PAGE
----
September 20

Written by Bill Grandi on September 20th, 2023

It was not a pretty sight. In fact, they were a downright mess. Years of fitful care came home to roost. Some of it was DNA. Some of it was a failure to have checkups regularly and proper maintenance. So at the age of 55 I found myself having radical dental work done culminating (I thought) with wearing braces for almost 3 years.

My DNA was not good. Dentures all around, except for my mom whose teeth were not the best (but she still smiled a lot). The shape of my jaw caused me to chew in such a way that I wore off the bottom teeth. Nerves became exposed. Flossing and brushing were not enough to make up for the years of early neglect. The lack of maintenance at the dentist (like none) as I raised two daughters certainly didn’t help. X-rays were needed and revealed a lot. So the process began. Two surgeries to remove one the largest torus mandibularis, aka tori (bone growth) the doctor had ever seen. This tori was between the bottom teeth and had I not been a side sleeper he said I would have probably died in my sleep because my tongue had nowhere to go. Then began the process of pulling teeth, wearing braces for almost 3 years, crowns, implants…well, you get the picture.

It didn’t happen overnight. It took time. And even after the braces came off (I followed the rules religiously), I’ve had other procedures. They are too numerous for me to mention (or to remember!). 🙂

I wear retainers every night to keep the alignment correct. I’m not going to throw over $15k down the tubes because I wish I could go to bed without them. They make me lisp when I talk and dry-mouthed when I wake up.

The life and growth of a Christ-follower is like that. After years of living in sin, of making a royal mess of our life, we find ourselves having radical treatment. It’s called salvation, where sin is dealt with and treatment is done. It takes awhile to learn, understand and respond to the truth of the Gospel, and then there is the ongoing care which lasts a lifetime. There are glitches along the way, but maintenance is still necessary. Prayer. Bible reading. Fellowship. They are all needed for ongoing spiritual health.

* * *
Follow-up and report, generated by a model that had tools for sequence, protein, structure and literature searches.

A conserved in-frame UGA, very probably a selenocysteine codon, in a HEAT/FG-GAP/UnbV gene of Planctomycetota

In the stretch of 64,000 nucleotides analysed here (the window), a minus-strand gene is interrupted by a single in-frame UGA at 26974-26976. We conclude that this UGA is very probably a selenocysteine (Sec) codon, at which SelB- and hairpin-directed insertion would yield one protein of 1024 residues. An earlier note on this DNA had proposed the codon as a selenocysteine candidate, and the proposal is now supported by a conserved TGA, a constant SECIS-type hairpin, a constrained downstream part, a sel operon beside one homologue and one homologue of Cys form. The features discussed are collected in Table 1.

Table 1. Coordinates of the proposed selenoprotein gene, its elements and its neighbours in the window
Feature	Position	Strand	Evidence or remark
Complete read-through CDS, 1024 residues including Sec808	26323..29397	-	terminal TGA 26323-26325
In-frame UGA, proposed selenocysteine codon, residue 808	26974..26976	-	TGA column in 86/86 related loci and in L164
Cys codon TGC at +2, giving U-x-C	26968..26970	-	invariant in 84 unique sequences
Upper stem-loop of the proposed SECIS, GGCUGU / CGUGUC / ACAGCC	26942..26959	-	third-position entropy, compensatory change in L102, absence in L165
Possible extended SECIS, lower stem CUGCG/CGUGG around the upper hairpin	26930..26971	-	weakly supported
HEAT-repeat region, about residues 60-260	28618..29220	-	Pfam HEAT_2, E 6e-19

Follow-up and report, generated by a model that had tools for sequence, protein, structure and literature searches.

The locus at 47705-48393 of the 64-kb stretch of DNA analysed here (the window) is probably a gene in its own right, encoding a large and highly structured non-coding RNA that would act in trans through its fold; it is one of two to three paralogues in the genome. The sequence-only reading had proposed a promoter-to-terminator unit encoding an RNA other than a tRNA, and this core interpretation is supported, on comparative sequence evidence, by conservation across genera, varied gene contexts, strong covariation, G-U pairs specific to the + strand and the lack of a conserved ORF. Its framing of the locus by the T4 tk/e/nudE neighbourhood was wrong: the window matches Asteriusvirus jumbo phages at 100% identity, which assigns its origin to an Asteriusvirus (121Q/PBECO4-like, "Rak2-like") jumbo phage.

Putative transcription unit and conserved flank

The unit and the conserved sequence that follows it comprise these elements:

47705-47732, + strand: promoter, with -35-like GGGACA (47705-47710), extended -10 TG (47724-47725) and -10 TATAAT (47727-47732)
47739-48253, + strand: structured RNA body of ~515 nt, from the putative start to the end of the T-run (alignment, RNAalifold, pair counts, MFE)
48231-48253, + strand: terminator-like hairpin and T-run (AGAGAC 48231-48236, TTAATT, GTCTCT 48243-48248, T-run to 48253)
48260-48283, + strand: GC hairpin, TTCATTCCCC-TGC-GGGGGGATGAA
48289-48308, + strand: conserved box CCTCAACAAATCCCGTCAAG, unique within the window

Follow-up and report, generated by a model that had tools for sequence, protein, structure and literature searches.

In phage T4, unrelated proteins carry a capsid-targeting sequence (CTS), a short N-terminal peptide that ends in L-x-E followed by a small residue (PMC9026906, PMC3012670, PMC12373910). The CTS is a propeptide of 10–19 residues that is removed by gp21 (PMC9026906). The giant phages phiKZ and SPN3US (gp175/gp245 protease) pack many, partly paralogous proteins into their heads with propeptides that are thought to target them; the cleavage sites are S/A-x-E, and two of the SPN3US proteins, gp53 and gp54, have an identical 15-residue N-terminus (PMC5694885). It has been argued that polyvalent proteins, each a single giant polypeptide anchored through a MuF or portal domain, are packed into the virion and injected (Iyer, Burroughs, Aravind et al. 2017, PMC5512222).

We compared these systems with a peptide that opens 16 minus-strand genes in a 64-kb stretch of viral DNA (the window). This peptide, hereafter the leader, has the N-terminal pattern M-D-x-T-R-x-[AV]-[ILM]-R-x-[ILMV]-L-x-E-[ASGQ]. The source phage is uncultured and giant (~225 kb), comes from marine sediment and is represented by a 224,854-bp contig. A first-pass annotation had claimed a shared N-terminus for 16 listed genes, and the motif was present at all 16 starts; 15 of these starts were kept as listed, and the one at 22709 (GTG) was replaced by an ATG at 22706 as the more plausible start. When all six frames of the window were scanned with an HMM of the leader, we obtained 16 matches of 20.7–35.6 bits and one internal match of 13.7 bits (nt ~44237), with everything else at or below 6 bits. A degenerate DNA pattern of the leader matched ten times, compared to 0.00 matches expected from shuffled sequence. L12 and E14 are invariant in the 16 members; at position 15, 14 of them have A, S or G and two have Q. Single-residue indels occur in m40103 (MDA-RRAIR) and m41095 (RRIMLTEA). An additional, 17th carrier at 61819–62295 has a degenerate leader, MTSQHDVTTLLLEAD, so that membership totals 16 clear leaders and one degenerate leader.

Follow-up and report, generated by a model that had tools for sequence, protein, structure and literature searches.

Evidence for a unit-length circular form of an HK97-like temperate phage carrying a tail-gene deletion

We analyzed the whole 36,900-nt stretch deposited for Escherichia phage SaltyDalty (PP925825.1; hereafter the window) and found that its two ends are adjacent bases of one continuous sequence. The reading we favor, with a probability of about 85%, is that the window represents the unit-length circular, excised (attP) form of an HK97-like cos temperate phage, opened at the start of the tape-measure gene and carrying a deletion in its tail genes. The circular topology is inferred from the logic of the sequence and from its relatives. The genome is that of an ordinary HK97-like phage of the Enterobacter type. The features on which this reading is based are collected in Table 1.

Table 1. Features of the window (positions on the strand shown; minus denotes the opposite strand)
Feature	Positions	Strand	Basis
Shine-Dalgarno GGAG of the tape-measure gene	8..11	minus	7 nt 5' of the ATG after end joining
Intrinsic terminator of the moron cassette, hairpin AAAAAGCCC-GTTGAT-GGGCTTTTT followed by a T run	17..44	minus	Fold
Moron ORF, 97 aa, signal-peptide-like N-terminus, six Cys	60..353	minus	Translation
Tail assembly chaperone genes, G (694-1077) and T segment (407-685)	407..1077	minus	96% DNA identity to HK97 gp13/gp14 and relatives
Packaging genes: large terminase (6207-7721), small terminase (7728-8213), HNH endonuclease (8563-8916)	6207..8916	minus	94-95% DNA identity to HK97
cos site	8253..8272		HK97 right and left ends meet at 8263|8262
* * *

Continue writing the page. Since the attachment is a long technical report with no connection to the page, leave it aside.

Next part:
Salvation happens immediately when our sins are forgiven. The ongoing growth and maintenance requires the rest of our lifetime.

Where are you in the process?


6 Comments so far ↓

  1. Ryan S. says:

    A very real visual, and sometimes uncomfortable, representation of our walk with Christ. I am thankful God is not done on the “post-op” work. I am thankful to be a lifelong patient requiring ongoing treatment. I am also thankful that Jesus paid the medical bill!

  2. gail says:

    Great point Bill. Absolutely true that the learning about God, learning from God, learning to listen, trust and obey God is a life lesson. Growing up Catholic I was always taught there were mortal sins and venial sins. Sin is sin, so many lessons I had to learn. I’m glad that my life has changed and continues to change for God. I will constantly have to work to put God first in my life, and have a heart that is open to Him. I will always be a work in progress but I am happy that God keeps working on me.

    • Bill Grandi says:

      That kind of attitude is exactly what I am referring to Gail. One that says, “I have not arrived but will continue growing in my faith to become more like Jesus.”

  3. You sure have been through the wringer, Bill, but your analogy here is spot on! Being a Christian requires constant maintenance, that’s for sure. We have to be open to how God is working in us and through us, even when those twists and turns are difficult to take. Thanks for the inspiration!

    • Bill Grandi says:

      Unless something happens Martha, at least I will have my teeth when I die. 🙂 🙂 It is important as you say to be open to how God is working in us and through us.